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College of Food, Agricultural, and Environmental Sciences


Some Ohio Corn Experiencing Stalk Lodging

October 5, 2010

COLUMBUS, Ohio – Some corn throughout Ohio, already stressed from lack of adequate moisture, is experiencing stalk lodging and stalk rot.

"Recent storms accompanied by strong winds have resulted in stalk lodging in localized areas across the state," said Peter Thomison, Ohio State University Extension state agronomist. "The rapid maturation and dry down of the corn this year may affect the crop. We've already received reports of kernels falling off ears, reduced shank strength, ears dropping, and exposed ears in some hybrids."

Thomison encourages growers to avoid harvest delays in order to minimize losses from stalk lodging or rot damage.

"Identify which fields are at greatest risk and harvest those fields first," said Thomison, who also holds an appointment with the Ohio Agricultural Research and Development Center. "Fields which experienced late-season drought stress or extensive northern corn leaf blight or gray leaf spot would be prime candidates for early harvest. Now is not the time to keep corn in the fields to save on drying costs."

According to the Ohio Agricultural Statistics Service, 36 percent of Ohio corn has been harvested, far ahead of this time last year and the five-year average. Abnormally dry conditions and hot weather late in the season rapidly matured the crop and drove growers into the fields to harvest up to three weeks ahead of schedule.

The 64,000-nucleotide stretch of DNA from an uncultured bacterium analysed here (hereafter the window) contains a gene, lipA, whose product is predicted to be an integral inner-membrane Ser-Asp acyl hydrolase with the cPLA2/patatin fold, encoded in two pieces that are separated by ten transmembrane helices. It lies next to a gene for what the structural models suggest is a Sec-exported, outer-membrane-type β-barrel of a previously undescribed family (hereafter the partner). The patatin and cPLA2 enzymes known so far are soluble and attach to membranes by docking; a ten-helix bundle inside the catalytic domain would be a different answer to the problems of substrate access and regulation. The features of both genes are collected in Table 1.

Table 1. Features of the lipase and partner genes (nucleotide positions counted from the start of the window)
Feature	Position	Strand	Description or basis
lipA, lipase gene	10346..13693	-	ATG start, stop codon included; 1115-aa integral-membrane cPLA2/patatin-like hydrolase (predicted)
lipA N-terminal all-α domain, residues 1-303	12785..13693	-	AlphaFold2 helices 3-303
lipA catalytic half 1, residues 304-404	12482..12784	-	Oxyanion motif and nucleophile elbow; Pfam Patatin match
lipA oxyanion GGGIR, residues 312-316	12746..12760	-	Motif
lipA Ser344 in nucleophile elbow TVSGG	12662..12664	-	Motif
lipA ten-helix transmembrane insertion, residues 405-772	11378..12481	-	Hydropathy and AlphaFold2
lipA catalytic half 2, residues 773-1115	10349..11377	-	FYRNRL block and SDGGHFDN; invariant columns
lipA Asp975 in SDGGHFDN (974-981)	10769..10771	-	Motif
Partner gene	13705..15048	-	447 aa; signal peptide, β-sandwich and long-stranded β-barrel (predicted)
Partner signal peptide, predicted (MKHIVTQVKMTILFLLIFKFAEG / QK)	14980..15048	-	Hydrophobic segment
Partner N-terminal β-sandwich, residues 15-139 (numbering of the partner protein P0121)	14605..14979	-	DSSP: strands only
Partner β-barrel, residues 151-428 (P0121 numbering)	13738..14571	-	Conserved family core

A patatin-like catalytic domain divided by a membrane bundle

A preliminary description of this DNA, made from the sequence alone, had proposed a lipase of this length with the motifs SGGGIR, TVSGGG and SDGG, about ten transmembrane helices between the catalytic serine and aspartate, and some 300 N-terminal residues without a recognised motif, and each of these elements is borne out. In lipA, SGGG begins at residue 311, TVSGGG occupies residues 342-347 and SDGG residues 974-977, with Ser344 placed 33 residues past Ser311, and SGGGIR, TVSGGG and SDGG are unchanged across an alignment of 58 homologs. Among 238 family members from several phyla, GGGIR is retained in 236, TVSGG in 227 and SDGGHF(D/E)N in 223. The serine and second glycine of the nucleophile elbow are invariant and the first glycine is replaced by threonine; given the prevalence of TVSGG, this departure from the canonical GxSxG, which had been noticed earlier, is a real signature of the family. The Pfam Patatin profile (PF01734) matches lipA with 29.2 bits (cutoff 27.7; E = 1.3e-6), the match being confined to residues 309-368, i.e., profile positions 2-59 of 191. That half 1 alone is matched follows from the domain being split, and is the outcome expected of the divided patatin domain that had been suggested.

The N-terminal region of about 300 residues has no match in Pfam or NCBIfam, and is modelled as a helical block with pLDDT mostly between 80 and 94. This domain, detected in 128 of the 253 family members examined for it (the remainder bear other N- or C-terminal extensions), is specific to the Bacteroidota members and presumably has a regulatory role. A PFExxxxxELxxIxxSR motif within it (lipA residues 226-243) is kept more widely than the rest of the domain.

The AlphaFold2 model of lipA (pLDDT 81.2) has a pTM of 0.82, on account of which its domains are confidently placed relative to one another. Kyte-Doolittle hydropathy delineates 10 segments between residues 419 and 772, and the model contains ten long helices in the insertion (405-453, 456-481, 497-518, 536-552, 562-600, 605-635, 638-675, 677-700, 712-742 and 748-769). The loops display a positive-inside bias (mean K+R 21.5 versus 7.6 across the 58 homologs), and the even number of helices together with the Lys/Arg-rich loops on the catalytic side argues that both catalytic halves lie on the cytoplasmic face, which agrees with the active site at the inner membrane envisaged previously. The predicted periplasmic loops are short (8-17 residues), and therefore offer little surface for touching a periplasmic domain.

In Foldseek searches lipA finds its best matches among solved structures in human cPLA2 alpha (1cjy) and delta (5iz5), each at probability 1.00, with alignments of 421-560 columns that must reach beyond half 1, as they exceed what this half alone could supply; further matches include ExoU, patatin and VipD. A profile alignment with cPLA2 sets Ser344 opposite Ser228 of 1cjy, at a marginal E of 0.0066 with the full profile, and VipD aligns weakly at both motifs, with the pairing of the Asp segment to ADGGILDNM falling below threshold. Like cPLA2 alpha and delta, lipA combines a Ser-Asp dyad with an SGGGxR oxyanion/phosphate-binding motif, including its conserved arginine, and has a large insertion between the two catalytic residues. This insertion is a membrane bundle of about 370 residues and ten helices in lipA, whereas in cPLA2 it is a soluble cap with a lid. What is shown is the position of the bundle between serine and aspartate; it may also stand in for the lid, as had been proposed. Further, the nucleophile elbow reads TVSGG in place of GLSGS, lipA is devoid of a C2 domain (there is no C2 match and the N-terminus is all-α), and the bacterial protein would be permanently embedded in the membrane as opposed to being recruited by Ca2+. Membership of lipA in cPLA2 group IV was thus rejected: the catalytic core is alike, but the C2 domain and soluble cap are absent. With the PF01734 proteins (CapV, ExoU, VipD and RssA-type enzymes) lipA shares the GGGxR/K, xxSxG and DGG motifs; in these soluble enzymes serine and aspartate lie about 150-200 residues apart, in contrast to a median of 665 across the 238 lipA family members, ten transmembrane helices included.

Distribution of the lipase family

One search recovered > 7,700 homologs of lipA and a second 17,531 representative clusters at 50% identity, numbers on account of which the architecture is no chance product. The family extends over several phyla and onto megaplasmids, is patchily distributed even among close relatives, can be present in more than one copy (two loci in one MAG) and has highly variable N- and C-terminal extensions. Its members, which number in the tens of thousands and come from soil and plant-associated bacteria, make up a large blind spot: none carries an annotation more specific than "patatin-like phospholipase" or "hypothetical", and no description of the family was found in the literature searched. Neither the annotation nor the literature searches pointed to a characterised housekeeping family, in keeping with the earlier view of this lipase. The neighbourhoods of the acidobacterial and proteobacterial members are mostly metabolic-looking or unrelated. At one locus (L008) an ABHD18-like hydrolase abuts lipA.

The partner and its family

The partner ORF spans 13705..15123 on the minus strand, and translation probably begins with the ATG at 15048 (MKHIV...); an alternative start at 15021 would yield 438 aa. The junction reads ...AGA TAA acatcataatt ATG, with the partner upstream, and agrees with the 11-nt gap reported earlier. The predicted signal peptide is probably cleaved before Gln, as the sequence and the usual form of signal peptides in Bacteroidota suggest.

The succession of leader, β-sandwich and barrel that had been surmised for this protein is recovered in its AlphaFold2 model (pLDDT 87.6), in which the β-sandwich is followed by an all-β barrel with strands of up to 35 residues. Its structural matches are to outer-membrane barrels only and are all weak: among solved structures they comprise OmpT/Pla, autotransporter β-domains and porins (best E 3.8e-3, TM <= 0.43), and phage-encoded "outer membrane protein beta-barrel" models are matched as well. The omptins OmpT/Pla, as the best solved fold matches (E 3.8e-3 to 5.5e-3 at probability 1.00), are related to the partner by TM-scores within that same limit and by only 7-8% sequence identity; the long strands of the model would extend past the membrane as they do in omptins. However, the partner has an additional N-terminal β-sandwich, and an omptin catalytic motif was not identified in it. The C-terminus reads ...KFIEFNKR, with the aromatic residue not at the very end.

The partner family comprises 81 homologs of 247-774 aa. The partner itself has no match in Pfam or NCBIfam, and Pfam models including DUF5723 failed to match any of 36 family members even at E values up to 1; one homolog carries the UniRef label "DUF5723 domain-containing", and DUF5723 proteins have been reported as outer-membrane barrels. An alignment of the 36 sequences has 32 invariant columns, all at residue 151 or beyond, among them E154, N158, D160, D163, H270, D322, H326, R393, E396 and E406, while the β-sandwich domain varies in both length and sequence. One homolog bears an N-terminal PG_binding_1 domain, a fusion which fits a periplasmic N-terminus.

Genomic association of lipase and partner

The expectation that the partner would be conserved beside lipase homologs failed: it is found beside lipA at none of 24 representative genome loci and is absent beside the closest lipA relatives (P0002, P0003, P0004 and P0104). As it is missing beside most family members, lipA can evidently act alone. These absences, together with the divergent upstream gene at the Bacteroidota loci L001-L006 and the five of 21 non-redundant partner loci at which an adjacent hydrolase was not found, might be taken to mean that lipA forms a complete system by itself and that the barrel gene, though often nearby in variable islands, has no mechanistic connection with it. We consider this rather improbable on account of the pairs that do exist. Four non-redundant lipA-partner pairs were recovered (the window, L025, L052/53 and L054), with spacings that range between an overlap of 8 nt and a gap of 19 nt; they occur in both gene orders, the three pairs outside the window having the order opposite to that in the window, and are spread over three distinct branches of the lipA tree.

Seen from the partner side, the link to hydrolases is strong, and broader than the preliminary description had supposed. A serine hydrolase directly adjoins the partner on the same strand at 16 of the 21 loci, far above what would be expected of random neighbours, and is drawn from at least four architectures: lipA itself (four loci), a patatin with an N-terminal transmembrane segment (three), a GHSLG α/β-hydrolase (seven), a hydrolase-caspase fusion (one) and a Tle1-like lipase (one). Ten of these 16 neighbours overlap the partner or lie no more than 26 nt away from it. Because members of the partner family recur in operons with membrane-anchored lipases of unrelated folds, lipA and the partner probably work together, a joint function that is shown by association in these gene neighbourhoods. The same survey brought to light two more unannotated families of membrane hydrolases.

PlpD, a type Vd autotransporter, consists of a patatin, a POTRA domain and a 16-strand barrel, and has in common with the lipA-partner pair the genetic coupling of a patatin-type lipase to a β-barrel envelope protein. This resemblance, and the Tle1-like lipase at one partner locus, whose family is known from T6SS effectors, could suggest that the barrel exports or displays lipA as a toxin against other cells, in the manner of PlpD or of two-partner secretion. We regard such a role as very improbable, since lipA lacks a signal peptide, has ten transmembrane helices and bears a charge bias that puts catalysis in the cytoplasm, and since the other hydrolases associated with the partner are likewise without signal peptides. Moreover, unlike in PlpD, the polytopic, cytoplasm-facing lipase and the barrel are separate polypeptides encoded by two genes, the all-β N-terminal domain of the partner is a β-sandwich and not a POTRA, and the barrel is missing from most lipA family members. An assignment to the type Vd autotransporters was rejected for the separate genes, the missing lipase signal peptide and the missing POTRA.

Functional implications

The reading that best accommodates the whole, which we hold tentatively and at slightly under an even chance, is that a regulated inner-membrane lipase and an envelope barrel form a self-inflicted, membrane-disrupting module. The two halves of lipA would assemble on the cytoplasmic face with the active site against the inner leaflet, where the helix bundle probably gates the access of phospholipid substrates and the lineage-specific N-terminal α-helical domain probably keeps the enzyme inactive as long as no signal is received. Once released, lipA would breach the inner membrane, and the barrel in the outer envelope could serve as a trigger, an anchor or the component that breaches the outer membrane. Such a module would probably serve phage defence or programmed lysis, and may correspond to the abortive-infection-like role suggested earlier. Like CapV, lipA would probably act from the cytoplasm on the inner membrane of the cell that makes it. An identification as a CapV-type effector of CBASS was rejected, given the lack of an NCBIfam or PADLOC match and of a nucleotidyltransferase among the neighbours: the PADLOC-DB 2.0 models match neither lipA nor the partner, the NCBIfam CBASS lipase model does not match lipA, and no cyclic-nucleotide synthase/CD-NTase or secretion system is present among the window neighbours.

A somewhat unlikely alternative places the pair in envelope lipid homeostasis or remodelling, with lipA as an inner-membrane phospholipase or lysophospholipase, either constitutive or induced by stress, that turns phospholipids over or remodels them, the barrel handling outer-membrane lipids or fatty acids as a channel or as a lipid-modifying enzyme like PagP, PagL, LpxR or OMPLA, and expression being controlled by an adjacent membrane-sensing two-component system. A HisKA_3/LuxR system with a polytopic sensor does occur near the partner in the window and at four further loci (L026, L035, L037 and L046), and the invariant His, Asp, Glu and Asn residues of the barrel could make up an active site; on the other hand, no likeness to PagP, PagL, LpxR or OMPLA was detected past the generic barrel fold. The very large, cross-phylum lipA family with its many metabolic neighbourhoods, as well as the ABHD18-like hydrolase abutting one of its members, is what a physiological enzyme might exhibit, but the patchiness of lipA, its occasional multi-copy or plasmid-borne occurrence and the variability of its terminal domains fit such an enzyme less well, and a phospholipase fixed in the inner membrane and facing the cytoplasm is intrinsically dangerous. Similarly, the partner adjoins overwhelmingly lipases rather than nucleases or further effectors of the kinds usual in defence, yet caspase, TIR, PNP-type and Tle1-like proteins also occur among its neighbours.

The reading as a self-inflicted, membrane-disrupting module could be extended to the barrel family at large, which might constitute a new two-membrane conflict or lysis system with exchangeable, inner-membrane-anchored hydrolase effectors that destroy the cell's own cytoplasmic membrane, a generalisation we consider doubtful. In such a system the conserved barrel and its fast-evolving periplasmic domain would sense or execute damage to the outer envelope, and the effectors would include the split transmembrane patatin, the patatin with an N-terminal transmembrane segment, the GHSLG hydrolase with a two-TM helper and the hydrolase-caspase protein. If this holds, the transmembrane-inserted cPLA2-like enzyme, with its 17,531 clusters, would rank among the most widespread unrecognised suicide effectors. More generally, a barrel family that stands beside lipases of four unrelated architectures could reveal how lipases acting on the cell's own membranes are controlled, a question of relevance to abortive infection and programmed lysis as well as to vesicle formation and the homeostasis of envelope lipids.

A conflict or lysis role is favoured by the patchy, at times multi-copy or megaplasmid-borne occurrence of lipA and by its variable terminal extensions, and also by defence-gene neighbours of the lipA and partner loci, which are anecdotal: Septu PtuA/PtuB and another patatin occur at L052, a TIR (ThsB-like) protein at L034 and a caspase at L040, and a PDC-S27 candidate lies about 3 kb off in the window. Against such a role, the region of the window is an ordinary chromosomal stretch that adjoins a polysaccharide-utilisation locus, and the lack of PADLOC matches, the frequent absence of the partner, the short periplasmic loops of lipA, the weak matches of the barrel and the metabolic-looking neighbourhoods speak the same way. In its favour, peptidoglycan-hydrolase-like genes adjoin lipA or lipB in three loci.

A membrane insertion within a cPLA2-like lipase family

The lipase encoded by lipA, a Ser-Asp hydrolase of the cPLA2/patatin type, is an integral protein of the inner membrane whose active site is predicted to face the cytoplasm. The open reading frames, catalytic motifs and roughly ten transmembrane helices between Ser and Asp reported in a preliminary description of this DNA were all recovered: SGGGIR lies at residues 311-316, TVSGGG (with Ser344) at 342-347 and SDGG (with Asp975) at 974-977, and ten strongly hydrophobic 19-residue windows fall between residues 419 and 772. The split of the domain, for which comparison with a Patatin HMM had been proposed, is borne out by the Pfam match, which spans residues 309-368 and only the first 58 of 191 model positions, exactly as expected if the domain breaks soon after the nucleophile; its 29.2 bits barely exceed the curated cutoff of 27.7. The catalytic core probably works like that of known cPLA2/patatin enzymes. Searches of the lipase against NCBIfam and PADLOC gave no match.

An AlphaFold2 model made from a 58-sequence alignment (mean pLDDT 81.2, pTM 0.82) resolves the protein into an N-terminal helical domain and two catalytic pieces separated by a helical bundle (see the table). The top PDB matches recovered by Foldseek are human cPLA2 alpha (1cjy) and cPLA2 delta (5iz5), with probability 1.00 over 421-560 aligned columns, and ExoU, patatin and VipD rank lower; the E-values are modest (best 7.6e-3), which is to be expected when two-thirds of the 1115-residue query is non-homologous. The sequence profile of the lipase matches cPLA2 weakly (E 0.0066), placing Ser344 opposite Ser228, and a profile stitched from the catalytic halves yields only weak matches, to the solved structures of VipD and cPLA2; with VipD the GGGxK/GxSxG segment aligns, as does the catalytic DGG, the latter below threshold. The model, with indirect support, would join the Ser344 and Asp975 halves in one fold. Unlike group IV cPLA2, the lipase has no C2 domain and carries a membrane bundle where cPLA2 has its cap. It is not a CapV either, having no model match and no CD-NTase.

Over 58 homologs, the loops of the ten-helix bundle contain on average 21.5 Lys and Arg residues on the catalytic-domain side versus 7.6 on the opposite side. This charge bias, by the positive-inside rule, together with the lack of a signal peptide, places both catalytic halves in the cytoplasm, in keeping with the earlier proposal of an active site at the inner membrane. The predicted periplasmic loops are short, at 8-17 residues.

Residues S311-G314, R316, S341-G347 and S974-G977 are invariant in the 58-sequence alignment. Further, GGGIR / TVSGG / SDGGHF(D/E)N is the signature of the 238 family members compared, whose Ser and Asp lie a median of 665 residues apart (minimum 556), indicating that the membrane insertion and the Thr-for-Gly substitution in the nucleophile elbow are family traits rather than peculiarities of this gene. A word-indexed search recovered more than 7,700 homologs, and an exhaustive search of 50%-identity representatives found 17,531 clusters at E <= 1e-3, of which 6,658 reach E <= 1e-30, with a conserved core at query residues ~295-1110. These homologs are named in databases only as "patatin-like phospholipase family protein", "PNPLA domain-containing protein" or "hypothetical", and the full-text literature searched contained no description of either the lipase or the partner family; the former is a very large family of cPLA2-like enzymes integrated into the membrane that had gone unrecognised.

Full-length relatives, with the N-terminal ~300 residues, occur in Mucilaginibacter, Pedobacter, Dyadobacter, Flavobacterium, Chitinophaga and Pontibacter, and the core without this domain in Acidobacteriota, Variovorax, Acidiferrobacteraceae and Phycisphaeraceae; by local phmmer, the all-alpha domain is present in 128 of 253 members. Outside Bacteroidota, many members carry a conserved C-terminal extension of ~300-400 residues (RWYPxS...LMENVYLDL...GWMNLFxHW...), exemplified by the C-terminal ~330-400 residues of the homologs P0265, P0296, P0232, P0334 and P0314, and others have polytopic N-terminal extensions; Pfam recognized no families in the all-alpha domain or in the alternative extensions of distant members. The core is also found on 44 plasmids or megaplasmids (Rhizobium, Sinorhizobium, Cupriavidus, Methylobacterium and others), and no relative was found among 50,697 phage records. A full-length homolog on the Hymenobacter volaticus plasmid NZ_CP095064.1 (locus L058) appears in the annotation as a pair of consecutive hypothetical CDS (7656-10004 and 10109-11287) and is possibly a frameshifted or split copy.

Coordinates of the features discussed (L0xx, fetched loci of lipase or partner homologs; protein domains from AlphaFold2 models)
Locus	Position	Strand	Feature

"The presence of stalk rots in corn may not always result in stalk lodging," said Thomison. "It's not uncommon to walk fields where nearly every plant is upright, yet nearly every plant is also showing stalk rot symptoms."

Thomison said that a symptom common to all stalk rots is the deterioration of the inner stalk tissues so that one or more of the inner nodes can easily be compressed when squeezing the stalk between thumb and finger.

"It is possible by using this "squeeze test" to assess potential lodging if harvesting is not done promptly," said Thomison.

The "push" test is another way to predict lodging.

"Push the stalks at the ear level, 6 to 8 inches from the vertical. If the stalk breaks between the ear and the lowest node, stalk rot is usually present," said Thomison.

For a corn plant to remain healthy and free of stalk rot the plant must produce enough carbohydrates by photosynthesis to keep root cells and pith cells in the stalk alive and to meet demands for grain fill. When corn is subjected to drought stress during grain fill, photosynthetic activity is reduced. As a result, the carbohydrate levels available for the developing ear are insufficient. The corn plant responds to this situation by removing carbohydrates from the leaves, stalk, and roots. While this "cannibalization" process ensures a supply of carbohydrates for the developing ear, the removal of carbohydrates results in premature death of pith cells in the stalk and root tissues, which predisposes plants to root and stalk infection by various fungal pathogens.

Candace Pollock
Peter Thomison